Oh hey there Fierce Girls. Been a while, I know. Was having a low-key life review. I mean, who doesn’t want to pull their life apart after three months in lockdown?
On the upside, I got a puppy. Meet Dotty the Pomeranian. She is the light of my life.
On the downside, I decided I wanted more green space and less city living. I actually blame my folks for this, because they let me live in their beautiful mountains home for lockdown, and I got spoiled by all the nature.
So, I came back and thought ‘hey, let’s sell out of the inner-city and move to the beach!’
Even though I’ve only owned my place for four years. Even though city apartments haven’t really appreciated in price while beachside homes have gone nuts. Even though I’ve spent tens of thousands of dollars renovating this place so it’s perfect. And even though 80% of my friends live within 15 minutes of me.
Despite all of this, I put my place on the market. Spent thousands on marketing costs, spent hours making it look beautiful, and spent time looking at overpriced properties at the beach.
And then … it all felt wrong. I pulled the pin on everything. Decided to stay put – and all of sudden I remembered how much I love living here. Well duh.
Anyway, I actually learnt a few things from this expensive little foray into major life changes. Maybe you can learn from my mistakes. Here goes:
Check your credit score regularly – and before you want credit
Can you believe I got knocked back for a home loan? I felt like shouting at the bank ‘Don’t you know who I am? I literally tell people how to be responsible with their money!’.
But they wouldn’t have cared, because the credit bureau is a hard taskmaster.
After downloading my credit report for free, turns out I have a fraudulent debt racked up in my name and put on my credit file. It’s not huge, but that doesn’t matter – it’s unpaid and means the bank won’t give me a loan.
It was sold to a debt collection firm back in 2018 – without my knowledge, since the address is somewhere in the Northern Territory. So I had to speak to the debt collectors, file a police report, sign a stat dec and send it all to them. Hopefully they will accept it as fraud and write it off, but then they have to tell Equifax, who then has to clear it from my file.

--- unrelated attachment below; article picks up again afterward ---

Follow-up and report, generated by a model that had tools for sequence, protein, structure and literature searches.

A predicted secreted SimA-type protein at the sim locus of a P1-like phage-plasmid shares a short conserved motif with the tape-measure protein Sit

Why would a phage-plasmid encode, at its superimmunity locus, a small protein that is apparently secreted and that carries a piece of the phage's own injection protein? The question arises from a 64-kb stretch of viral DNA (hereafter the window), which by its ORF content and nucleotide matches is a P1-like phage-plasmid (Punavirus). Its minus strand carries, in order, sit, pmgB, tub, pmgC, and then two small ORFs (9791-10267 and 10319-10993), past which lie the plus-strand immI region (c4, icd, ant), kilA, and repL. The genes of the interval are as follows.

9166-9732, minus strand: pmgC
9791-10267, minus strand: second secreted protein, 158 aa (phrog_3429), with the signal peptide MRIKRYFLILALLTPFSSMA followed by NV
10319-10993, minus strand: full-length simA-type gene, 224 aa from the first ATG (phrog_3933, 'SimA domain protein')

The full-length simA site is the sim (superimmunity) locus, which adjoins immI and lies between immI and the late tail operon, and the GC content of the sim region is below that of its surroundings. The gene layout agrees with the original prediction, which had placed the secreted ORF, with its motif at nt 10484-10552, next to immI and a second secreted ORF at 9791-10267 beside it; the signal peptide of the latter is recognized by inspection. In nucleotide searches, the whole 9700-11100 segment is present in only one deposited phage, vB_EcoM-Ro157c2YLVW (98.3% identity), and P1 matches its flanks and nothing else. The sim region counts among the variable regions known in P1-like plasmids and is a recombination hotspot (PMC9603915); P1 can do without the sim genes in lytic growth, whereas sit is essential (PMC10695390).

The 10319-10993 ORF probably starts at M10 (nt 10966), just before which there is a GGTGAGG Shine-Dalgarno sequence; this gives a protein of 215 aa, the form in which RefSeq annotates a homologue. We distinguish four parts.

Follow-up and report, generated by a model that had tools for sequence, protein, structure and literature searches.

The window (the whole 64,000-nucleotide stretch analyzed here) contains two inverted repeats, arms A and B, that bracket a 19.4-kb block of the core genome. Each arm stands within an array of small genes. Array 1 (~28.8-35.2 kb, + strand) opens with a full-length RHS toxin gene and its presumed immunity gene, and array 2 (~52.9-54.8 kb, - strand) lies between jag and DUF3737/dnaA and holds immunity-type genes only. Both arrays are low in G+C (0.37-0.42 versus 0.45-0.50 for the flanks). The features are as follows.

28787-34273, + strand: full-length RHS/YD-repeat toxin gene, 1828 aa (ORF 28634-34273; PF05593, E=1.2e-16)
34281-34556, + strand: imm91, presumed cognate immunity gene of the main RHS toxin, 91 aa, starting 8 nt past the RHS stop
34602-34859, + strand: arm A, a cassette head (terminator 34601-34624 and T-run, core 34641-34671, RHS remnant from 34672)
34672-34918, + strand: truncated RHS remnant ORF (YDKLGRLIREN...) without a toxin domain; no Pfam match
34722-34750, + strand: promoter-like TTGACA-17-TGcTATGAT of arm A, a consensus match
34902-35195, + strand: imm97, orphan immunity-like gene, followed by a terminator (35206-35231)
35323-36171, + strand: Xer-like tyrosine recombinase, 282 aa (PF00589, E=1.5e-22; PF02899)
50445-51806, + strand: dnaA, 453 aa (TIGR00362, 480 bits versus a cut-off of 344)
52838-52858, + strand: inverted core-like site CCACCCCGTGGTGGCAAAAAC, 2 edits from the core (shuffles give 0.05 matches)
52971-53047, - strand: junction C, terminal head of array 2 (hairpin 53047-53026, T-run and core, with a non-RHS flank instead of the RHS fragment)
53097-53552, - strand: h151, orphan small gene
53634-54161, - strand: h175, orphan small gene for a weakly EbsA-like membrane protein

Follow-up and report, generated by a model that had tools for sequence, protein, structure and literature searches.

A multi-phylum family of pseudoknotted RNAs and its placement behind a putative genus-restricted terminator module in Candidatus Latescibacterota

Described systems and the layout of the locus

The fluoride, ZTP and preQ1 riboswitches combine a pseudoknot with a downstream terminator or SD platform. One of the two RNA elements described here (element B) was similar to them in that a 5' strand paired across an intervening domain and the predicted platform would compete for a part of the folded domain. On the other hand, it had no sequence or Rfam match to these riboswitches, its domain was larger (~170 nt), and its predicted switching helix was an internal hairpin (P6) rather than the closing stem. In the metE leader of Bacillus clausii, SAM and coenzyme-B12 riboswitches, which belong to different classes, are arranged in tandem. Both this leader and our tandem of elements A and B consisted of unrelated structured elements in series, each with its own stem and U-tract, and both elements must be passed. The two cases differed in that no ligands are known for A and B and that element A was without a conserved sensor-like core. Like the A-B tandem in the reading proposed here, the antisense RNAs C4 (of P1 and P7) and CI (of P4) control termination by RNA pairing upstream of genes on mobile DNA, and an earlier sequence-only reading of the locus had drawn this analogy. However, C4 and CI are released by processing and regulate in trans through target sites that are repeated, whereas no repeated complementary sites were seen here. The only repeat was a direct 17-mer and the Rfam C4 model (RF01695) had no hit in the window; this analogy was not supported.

So, even if I wanted to buy a new place, I couldn’t just now. And this is despite the fact I have never missed a mortgage repayment, have equity to bring to the table, and have zero other debts – not even a sneaky Afterpay account!
And therein lies my issue. Because I don’t use credit, I never apply for it, and so I never realised that I was such a credit risk. And when I looked at my credit file, turns out the fraudsters have tried to apply for other stuff in my name (and been knocked back). So I’ll also be doing something to freeze my credit once this is sorted.
Long story short: make a habit of checking your credit score – which is a ‘lite’ version that flags any issues. And then if there are red flags, get your credit report, which has more details. There are a few rules around getting the full report for free, so you’ll need to see if you qualify.
Beware of property market FOMO
The thing about putting my place up for sale is that I was not 100% ready to do it. I just didn’t have the gut feeling that it was right. But the real estate agent told me how there was a wave of properties coming onto the market, and if I didn’t go now, there’d be more competition and lower prices and I’d miss out etc.
And so my fear and greed got the better of me. I took just days to think about it and then stumped up a bunch of money for marketing and lawyers.
And I knew it wasn’t right. Usually, once I’ve decided something, I feel good about it (e.g. getting a puppy). But this didn’t feel like that. It felt rushed and premature.
It’s because I gave into post-lockdown, property-market mania.
When the home-loan-rejection drama forced me to stop and wait, I realised that I was doing this all for the wrong reasons. So I pulled the plug and felt an enormous sense of relief.
Lesson is: don’t make major life decisions based on a fear of missing out.
When in doubt, run the numbers
When you are in the grip of market mania (whether it’s property, crypto, meme stocks or whatever), it is easy to get swept up.
Emotion is a poor financial adviser.
When in doubt about what course of action to take, cold hard numbers help.
Part of my issue was that I’ve only owned this place for four years. I paid around $25K stamp duty on it and a bunch more renovating it. If I bought a new, more expensive place, sure I could afford the loan. But I’d pay upwards of $30K in stamp duty again, plus more interest on a bigger loan and all those other pesky moving costs.
I had to remember my own good advice: just because you can afford something, doesn’t mean you should. Just because the bank will give you the money, doesn’t mean you should take it all. And just because interest rates are at historic lows now, doesn’t mean they will be over the life of a 25-year loan.
I guess that advice like this is easy to dispense and easy to follow … when you’re in a rational and well-considered frame of mind.
Less so when you are caught up in Sydney-property-mania and having a post-pandemic ‘moment’.
In this situation, cold hard numbers can be very calming, and they forced me to see that my decision-making was not really rational.
So, please learn from my mistakes. All of these lessons can be summed up as ‘trust your gut’. It’s usually right.